"This beatification is a great gift. I absolutely wanted to be present at this ceremony, and I changed all my plans (even a holiday with my wife that we had been looking forward to for five years)," writes Pawel Kuglarz from the CL community in Krakow-Warsaw. "I knew it would be a very important event for the Church, but especially important for me.” During the beatification, in fact, we were also able to meet the people of Markowa and the mayor of Esens, where the German criminal, Eilert Dieken, who ordered the killings, came from.

Without a doubt, the Ulma family is a true model, and so I am happy that their liturgical memory falls on 7 July, their wedding day, and not on the anniversary of their martyrdom. There is a risk of fixing our gaze only on their martyrdom but, as Cardinal Semeraro said in his homily at the beatification Mass, "it would be misleading if the day of the beatification of the Ulma family served only to bring back to memory the terror of atrocities. Instead, we want today to be a day of joy, because the page of the Gospel written on paper has become for us a lived reality, which shines brightly in the Christian witness of the Ulma couple and in the martyrdom of the new Blessed. It is worth looking at their whole life because it can also be a model for our days".

For Izabela and Tomasz, from the CL community in Łodz, the beatification day was also precious. "There is no greater love than one who gives their life for another person. Despite the difficulties of the war, the Ulmas managed to create an authentically Christian family in work and daily life. In times of family crisis, of birth crisis, of education crisis, it is beautiful that a normal, ordinary family has walked the path of holiness. Everyone is called to holiness, which is a process, a journey in which the human falls and weaknesses are also contemplated. It was important for us to rediscover that saints are born in a certain context, to which they owe much, and at the same time they create it. Thus the normal gestures of a Christian become a reason for faith for the world.”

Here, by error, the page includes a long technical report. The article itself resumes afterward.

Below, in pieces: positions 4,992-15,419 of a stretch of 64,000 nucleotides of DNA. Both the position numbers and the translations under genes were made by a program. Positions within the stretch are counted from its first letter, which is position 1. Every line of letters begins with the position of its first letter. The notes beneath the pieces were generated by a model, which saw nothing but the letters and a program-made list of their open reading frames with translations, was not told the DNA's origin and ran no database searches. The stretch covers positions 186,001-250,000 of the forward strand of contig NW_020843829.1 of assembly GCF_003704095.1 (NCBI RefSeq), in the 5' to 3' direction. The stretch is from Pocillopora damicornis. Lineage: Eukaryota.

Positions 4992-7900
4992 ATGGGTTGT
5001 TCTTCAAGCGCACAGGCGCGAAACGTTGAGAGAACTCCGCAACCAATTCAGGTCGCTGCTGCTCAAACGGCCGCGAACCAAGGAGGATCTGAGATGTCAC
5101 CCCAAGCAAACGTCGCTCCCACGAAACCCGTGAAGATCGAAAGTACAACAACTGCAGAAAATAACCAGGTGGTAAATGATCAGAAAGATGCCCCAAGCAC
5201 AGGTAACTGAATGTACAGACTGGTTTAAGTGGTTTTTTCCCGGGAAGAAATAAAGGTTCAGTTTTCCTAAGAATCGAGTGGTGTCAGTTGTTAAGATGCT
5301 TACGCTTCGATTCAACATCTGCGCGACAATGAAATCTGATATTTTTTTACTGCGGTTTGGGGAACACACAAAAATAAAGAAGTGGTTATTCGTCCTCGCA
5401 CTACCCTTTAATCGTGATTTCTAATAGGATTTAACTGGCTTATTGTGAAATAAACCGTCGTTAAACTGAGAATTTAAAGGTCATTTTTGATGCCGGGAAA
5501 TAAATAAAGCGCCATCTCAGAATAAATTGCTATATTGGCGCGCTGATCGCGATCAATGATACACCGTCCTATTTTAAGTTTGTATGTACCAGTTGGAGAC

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Also present at the beatification were Barbara and Damian with their children, Jan and Maria, also from the CL community in Łódź. "We asked ourselves what enabled the Ulmas to remain confident in the circumstances in which they found themselves. Only a strong adherence to God, strengthened by love, trust and family upbringing, could have guided them to help those whose right to humanity had been taken away. Faced with the catastrophe of life, when evil seemed to have triumphed, the Ulmas emerged victorious. Crushed by hatred, condemned to be erased from memory, they became unequivocal and strong role models for the whole world. And this beatification is not only an event for the universal Church, but also for Poland: our country, victim of two totalitarianisms (German and Soviet), has often been accused of having 'helped too little'. The Polish family of Markowa, now beatified, redeemed the good name of Poland and helped the world understand that, even in the most furious storm, the Lord is present and acts.”

Pawel, Barbara, Damian, Izabela and Tomasz (CL Poland)